Mississippi adults will
get many new choices
An e-Town Meeting Oct. 23 will unveil an unprecedented and progressive step by Mississippi's eight universities and the statewide community college system to bring adult learners back into the classroom from the computer terminals of their homes and offices.
The academic/technological architects of Mississippi e-University (the name of the undertaking) at the state College Board and on the cooperating campuses want to dramatically expand adult enrollment above the 10,000 students enrolled this year in some form of extension learning.
The anchor event Oct. 23 begins at 6:30 p.m. in the Mississippi Trade Mart complex in Jackson. It will be broadcast live on the Mississippi Interactive Video Network, on all eight university campuses, and at the University of Mississippi Advanced Education Center in Tupelo.
Pam Smith, an assistant commissioner for higher education and chief spokesperson for the College Board, said all the universities and community colleges hold high expectations for an evolving, expanding impact of Mississippi e-University. University/community college coordination, she said, can prevent curriculum errors and ensure a smooth flow of credits between the institutions.
Smith said the e-university would continue offering traditional correspondence courses as needed, but the emphasis will be on video interactive distance classrooms and Internet learning.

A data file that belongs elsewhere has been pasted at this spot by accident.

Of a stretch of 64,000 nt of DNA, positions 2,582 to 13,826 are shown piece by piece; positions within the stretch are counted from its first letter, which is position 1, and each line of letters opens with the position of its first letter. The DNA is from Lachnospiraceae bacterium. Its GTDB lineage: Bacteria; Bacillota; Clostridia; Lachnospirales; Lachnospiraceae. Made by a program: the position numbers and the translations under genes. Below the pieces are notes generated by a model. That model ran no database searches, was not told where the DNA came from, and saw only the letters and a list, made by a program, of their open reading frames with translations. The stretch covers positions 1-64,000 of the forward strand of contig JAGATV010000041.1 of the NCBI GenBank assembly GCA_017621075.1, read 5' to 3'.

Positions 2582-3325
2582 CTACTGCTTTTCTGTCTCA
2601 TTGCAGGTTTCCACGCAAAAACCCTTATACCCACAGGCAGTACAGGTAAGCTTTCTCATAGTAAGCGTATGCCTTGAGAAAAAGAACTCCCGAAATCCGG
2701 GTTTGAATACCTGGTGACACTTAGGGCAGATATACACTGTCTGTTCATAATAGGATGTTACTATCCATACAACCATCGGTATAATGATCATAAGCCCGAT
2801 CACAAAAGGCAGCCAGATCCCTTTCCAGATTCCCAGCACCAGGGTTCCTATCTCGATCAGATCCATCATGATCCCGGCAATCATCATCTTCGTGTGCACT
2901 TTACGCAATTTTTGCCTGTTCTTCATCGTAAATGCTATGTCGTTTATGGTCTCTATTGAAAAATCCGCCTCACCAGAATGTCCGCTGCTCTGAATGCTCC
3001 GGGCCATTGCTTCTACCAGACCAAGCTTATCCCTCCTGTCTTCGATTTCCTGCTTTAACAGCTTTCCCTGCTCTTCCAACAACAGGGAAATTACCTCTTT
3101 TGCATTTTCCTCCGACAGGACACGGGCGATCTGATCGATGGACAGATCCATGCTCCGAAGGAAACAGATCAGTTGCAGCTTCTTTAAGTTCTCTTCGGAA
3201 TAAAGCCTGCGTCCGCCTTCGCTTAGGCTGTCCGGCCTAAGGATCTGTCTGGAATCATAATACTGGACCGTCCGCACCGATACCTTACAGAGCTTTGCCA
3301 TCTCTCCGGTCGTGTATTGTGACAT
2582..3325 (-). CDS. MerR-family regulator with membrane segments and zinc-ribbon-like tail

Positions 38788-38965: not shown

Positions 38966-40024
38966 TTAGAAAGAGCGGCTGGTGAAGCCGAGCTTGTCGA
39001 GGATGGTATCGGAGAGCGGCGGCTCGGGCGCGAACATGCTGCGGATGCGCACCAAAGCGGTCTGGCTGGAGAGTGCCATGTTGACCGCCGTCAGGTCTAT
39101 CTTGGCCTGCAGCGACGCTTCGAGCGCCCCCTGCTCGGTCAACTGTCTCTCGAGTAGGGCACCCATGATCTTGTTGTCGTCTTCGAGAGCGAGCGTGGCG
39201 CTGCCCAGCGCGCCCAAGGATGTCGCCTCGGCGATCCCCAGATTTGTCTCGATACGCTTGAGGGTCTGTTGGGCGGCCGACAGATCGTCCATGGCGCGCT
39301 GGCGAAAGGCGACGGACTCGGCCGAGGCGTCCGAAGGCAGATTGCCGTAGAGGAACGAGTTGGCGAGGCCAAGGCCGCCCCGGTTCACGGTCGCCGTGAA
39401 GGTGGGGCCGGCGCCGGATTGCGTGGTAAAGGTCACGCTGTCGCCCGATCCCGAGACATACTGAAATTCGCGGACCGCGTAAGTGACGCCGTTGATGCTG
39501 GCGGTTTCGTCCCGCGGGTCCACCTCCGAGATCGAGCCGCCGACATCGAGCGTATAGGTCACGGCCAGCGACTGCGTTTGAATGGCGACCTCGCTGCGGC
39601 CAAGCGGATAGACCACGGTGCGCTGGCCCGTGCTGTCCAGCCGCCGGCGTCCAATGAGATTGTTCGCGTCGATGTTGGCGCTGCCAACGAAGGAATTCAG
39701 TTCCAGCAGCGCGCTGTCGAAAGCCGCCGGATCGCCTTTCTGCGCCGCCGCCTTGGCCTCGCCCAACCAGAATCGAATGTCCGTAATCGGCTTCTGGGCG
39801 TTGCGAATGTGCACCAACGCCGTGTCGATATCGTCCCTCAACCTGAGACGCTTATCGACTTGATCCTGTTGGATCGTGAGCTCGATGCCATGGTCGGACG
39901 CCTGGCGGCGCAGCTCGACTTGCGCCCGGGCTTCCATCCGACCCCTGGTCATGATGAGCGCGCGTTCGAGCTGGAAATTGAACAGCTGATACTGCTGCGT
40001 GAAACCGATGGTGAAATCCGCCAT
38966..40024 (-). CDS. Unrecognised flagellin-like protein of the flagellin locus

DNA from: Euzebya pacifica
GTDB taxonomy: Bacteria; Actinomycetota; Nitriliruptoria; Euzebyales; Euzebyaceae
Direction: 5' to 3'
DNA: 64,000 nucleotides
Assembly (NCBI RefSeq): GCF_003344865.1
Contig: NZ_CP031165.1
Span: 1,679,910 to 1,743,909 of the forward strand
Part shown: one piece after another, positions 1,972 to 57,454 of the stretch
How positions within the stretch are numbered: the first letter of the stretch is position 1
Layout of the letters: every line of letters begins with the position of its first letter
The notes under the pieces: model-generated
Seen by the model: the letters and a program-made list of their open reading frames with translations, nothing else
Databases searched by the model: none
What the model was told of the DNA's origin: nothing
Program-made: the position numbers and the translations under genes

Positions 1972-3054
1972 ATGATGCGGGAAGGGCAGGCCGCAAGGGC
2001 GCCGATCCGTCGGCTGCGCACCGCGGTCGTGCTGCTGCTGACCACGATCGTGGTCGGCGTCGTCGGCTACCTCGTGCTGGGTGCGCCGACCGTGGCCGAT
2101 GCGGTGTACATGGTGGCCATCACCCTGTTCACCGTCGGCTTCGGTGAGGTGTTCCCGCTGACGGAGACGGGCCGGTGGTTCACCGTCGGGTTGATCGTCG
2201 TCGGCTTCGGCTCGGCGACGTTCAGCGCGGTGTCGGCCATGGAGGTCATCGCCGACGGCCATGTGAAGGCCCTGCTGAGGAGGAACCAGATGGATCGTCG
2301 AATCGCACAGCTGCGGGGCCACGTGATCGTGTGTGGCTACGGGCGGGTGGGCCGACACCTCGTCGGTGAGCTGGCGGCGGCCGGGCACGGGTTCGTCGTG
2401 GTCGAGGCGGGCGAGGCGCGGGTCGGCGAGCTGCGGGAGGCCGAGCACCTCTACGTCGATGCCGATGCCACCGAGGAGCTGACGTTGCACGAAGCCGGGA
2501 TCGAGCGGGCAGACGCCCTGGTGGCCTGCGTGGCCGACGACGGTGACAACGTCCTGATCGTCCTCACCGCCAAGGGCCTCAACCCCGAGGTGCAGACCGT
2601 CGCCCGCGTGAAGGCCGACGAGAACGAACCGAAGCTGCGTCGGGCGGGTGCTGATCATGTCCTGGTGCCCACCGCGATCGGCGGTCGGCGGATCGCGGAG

Moving university educations into students' homes and offices should encourage growth of Internet access statewide and move many adults to master more computer skills.
Internet learning isn't new to Mississippi, but other states with more people, students and financial resources already are deeply involved. The University of California system, a bellwether in nationwide higher education, enrolls more than 500,000 students annually, offers 21,000 courses and has on-line, on-site and travel/study credit opportunities.
Smith said Mississippi e-University will target degreed adults and those seeking completion of a bachelor's degree, or those who want courses to enhance job skills and career advancement.
The courses won't be free, but the costs will be significantly less than giving up a career to resume college as a full-time student.
Mississippi obviously has much to gain in a better educated workforce and in the earnings potential of people who gain helpful knowledge and skills from the e-university.